The origins of this organ are unknown, though it may have been made in Hamburg and spent all its life there till 1938. It is so far as we know unique, though such organs may once have been common. Derek Adlam told us that the keyboards are typical of late 18th century Hamburg keyboard instruments (red scribe lines on the naturals, long naturals and sharps and paper fronts). The variable quality of the different parts of the organ suggest that it may have been rebuilt from existing parts. The case has a superficial resemblance to English furniture, which Derek Adlam tells us was a feature of furniture from the Hamburg-Schleswig-Denmark region at the end of the 18th century.
When Christopher Hogwood bought it from the sale of the Sieverts’ estate in Ithaca, NY, in 1994, some documentation came with it. The organ had been “entirely restored” by E. F. Walcker & Cie., Ludwigsburg in 1929, and was sold to Oskar Sieverts in 1936. The organ was again repaired by Rudolf von Beckerath in 1936, which he did himself, because of the “age and value of the instrument”. It was visited and admired by H.H. Jahnn and Helmut Walcha. In 1938 it travelled to the U.S.A. with the Sieverts, and from 1938 to 1962 it was on loan to Yale University’s School of Music. There it took part in Paul Hindemith’s early music concerts. In 1962 it moved to Mrs. Sieverts’ house and was restored by Richard Strauss (not the composer!). In 1995 it was restored by Marcus Stahl at Martin Goetze and Dominic Gwynn. Marcus made a beautiful copy of the organ which can be seen on his website at http://www.marcus-stahl-orgelbauer.com/instrumente/bureau-orgel-barockes-kammerinstrument/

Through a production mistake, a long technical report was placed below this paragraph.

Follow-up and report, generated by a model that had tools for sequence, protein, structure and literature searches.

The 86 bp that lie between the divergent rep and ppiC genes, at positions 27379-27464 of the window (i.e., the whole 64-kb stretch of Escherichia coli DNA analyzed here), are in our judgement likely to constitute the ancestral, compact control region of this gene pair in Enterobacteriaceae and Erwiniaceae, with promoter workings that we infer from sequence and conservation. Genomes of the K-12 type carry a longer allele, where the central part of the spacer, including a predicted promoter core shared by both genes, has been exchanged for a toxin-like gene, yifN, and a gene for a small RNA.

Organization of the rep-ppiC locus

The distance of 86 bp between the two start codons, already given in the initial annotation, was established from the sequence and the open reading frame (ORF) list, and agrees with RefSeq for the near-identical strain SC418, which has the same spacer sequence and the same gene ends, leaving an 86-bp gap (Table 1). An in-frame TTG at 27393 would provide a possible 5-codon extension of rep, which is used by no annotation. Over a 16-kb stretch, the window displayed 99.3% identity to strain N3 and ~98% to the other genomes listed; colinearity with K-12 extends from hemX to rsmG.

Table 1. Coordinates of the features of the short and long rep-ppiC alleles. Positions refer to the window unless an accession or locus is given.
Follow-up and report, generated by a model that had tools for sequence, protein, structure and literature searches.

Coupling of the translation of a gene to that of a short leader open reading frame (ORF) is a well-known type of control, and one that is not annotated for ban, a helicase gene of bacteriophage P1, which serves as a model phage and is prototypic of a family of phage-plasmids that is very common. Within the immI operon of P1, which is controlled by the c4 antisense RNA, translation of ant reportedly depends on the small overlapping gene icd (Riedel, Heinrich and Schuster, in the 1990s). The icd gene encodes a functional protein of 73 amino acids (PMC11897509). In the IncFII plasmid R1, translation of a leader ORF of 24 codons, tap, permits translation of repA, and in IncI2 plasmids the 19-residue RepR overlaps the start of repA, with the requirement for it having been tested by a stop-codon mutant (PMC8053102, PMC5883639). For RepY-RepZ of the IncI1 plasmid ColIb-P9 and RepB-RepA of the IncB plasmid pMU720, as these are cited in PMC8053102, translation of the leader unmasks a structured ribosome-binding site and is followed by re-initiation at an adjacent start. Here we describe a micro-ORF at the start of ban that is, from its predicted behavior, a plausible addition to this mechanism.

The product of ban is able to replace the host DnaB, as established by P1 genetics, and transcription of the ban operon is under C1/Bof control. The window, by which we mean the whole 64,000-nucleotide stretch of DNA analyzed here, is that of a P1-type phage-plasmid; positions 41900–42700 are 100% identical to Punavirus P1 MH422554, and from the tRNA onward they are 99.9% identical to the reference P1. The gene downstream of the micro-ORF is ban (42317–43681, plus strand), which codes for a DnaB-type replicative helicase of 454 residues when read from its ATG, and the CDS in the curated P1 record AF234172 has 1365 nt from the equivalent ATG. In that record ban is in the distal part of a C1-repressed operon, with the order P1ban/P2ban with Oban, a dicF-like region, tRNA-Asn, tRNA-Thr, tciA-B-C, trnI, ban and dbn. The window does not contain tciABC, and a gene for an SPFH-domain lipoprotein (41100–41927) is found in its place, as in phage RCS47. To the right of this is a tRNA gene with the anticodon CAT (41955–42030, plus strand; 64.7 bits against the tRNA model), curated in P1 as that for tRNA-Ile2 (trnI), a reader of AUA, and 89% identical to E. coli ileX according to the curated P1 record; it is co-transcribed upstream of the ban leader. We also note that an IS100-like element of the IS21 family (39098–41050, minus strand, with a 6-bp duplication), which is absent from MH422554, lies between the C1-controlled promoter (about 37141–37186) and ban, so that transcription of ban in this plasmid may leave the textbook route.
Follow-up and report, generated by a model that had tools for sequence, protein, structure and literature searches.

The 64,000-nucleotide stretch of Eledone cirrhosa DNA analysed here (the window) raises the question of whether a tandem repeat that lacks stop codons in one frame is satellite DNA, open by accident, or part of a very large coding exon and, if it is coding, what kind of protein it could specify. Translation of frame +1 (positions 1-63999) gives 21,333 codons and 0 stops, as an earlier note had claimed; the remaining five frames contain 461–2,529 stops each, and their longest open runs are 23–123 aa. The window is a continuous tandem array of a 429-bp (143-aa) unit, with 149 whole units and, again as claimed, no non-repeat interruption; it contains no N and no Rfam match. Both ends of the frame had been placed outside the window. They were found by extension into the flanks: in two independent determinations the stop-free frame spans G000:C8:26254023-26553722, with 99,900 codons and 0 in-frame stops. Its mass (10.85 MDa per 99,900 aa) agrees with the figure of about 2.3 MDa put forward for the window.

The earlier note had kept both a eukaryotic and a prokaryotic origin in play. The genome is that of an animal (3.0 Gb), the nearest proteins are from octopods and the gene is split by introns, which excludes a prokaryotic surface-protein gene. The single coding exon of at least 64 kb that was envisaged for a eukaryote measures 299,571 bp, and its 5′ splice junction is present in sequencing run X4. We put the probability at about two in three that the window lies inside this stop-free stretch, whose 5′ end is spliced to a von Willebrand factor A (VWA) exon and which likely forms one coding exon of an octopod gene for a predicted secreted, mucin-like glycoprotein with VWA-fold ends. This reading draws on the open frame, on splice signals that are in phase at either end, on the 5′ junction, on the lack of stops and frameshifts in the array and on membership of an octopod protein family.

The organ has two stops, Gedackt 8f. and Flöte 4f. both stopped wood, made of quartered oak. The keyboard is pulled out of the case to play. The keys are of oak, with overlay for the naturals in ivory with four red scribe lines, and with sharps of stained hardwood, possibly boxwood. The key fronts were missing and have been replaced with embossed paper. The key compass is C to d³. There is a single-fold wedge bellows, with two metal bars screwed to it, which produce a wind pressure of 50mm. The case is made of oak with 6mm mahogany veneer, now rather light in colour. There is a Harley Monograph by Marcus Stahl: https://www.dropbox.com/s/jwb929qerkvuh3q/18%20north%20German%20bureau%20organ%202014.pdf?dl=0
You can hear the organ being played below :